1. It sounds like you know little about the history of art. Graffiti’s claim to be revolutionary is rhetoric, not reality. Also, this isn’t graffiti. It is using the language of graffiti to create gallery work. I would suggest looking at more work in galleries and not simply work inspired by graffiti.

          1. I do understand the history of Art, and i did not make the statement that graffiti is revolutionary. Graffiti’s relevance and worth will not be able to be seen for some time, as we are in the middle of the movement currently. Although 4 decades old graffiti is still young. This movement is not built from the scholars and critics down, as many other movements have been shaped. Instead it has risen for many reasons some of them social some youthful. What some thought would be a flash in the pan in the eighties has steadily become on of the largest movements in our lifetime as our children take up a language that didn’t exist before. This is a ground up movement and not something you can just write off so easily.

            Also if there is some movement called gallery work, i would love to understand more about it. The language of graffiti is art, and in itself deserves to be looked into deeper. There are reasons the youth still remains close to this medium. It also seems that you are trying to put gallery work as you call it in its own separate category. Which i know you understand is not correct. To prove your point alienating the word or language of graffiti, and suggesting that it change or be watered down to fit into the walls of a gallery is really sad. This is just another example of the art elitist trying to dictate their world, and outsiders need to conform to them.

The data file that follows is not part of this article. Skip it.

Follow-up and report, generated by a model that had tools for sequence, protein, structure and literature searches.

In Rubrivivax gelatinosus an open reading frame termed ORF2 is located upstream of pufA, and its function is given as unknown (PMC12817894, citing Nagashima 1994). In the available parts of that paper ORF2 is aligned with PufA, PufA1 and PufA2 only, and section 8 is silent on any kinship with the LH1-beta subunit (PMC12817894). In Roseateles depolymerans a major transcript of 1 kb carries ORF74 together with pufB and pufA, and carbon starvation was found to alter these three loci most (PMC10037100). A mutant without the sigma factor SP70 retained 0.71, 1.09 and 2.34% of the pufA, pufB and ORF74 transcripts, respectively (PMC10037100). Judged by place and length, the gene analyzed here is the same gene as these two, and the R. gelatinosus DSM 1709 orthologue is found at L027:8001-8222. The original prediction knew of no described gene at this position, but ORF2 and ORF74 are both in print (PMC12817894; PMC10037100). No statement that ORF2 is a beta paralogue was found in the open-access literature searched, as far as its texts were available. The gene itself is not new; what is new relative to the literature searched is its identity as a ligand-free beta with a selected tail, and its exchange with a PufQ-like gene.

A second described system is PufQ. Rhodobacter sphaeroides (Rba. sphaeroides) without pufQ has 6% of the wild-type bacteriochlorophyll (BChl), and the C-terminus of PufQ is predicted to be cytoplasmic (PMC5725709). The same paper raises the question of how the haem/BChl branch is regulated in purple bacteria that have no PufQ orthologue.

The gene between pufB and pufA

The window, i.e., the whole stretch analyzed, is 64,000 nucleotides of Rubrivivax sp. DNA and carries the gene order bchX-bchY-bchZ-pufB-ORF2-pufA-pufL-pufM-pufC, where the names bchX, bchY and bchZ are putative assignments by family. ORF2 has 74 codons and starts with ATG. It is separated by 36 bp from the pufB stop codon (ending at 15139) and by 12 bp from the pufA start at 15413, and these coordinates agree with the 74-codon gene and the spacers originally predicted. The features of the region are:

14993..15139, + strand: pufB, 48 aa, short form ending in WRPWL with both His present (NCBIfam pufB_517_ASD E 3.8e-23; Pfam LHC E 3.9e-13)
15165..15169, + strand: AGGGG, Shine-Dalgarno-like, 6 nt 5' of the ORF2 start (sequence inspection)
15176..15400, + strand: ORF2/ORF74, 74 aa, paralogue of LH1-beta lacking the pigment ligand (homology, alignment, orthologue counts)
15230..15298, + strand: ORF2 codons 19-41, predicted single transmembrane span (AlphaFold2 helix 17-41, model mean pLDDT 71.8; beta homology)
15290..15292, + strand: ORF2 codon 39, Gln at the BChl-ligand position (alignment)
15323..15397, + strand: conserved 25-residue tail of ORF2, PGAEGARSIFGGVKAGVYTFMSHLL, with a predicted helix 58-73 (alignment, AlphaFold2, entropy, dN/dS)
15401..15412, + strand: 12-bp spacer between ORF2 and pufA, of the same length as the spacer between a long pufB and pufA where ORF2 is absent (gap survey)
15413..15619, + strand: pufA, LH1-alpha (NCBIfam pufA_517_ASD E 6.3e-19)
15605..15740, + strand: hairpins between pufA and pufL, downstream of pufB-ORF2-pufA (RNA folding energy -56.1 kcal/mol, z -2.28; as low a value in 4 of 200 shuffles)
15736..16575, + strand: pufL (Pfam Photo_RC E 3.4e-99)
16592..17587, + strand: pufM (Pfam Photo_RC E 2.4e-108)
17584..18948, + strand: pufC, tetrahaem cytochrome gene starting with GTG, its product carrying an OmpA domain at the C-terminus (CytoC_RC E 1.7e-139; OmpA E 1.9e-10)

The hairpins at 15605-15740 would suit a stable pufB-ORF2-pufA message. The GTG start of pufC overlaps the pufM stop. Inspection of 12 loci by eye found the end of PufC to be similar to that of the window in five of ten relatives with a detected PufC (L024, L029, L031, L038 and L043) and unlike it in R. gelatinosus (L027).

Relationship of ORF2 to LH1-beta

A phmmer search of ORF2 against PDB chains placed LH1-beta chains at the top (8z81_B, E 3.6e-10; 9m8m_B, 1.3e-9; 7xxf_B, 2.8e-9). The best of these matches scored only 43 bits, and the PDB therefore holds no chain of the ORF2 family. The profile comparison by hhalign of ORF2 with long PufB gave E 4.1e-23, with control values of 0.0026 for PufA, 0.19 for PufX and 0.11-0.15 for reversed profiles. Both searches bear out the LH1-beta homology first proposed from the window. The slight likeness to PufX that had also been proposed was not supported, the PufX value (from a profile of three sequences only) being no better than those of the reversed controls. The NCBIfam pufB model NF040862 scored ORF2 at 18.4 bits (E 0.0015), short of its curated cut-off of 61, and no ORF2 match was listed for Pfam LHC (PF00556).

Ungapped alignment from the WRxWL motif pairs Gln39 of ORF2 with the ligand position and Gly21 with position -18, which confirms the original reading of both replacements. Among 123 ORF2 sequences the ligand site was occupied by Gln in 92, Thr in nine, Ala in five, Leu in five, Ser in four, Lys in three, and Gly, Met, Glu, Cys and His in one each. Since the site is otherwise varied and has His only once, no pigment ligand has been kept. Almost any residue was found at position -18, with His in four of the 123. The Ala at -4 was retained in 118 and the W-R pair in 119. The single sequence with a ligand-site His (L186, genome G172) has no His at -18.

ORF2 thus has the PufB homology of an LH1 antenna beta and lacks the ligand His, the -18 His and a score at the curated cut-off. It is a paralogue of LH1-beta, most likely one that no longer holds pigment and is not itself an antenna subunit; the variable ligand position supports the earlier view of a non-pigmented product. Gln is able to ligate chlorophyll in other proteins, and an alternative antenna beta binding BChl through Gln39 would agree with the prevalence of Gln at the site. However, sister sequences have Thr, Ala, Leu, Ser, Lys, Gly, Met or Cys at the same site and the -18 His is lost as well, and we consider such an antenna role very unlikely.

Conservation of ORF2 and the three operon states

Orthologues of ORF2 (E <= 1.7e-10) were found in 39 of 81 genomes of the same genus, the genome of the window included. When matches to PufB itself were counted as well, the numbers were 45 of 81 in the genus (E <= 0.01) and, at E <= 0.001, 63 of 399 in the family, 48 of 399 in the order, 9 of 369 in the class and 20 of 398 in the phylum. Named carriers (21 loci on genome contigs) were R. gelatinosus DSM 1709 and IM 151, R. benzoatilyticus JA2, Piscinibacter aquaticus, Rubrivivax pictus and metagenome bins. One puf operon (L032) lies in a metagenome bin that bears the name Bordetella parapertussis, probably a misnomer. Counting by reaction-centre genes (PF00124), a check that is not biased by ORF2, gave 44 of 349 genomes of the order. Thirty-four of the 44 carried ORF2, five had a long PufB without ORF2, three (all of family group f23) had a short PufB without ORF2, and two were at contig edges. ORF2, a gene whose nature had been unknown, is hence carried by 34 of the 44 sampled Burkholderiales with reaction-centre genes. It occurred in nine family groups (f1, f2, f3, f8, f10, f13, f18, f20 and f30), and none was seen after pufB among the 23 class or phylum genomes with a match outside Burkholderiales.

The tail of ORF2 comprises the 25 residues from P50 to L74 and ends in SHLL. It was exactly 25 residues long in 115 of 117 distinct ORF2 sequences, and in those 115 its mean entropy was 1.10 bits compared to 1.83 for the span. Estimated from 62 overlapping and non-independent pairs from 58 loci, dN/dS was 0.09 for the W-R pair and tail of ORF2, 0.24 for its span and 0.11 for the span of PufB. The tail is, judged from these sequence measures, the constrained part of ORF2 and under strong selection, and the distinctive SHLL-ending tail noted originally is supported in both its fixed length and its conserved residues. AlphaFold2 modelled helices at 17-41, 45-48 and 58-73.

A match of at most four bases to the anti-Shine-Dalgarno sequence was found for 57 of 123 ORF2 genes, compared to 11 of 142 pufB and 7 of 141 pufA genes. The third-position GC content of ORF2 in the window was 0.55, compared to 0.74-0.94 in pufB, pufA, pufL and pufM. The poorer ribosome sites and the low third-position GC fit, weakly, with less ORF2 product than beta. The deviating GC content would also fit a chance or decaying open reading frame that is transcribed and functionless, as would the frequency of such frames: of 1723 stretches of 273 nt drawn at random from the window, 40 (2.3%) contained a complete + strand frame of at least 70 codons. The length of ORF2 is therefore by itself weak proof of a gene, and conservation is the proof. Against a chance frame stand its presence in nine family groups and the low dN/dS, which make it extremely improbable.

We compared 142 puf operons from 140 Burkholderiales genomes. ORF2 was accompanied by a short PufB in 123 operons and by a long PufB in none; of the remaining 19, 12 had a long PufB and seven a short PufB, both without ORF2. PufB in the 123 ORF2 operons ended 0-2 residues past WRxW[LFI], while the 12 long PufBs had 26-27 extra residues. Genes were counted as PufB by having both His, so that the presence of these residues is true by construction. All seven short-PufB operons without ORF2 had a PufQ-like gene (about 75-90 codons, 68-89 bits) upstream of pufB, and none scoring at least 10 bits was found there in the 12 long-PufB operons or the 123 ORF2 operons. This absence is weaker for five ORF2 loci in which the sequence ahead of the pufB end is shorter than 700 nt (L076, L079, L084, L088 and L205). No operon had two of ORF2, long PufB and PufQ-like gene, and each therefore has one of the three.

2. Work in the gallery is another category from work on the street. If you think it’s the same language than perhaps you should look more carefully.And I really don’t think you understand art history at all and you seem to have a distorted view of art as dictated by elitists, which is only part of the story and only true about some movements.Your comments are full of generalizations not based on the experience of the art but romanticizations about what you think it is.

            I think we’re not going to convince each other at this point, but I’m glad you chimed in.

  3. This kind of symbol writing has been done better hundreds or even thousands of years ago, in work such as The Book Of Kells, or Islamic art. Retna isn’t doing anything new, or even presenting it in a particularly interesting or innovative way.

    Mythologise and romanticise the L.A ghetto all you want…it doesn’t alter the fact that these paintings trade off of an organic street artform, which here is stripped of all context and therefore reduces an authentic street culture to a sanitised superficial titillation for rich people, hipsters and wannabes at a tacky c-list celebrity party.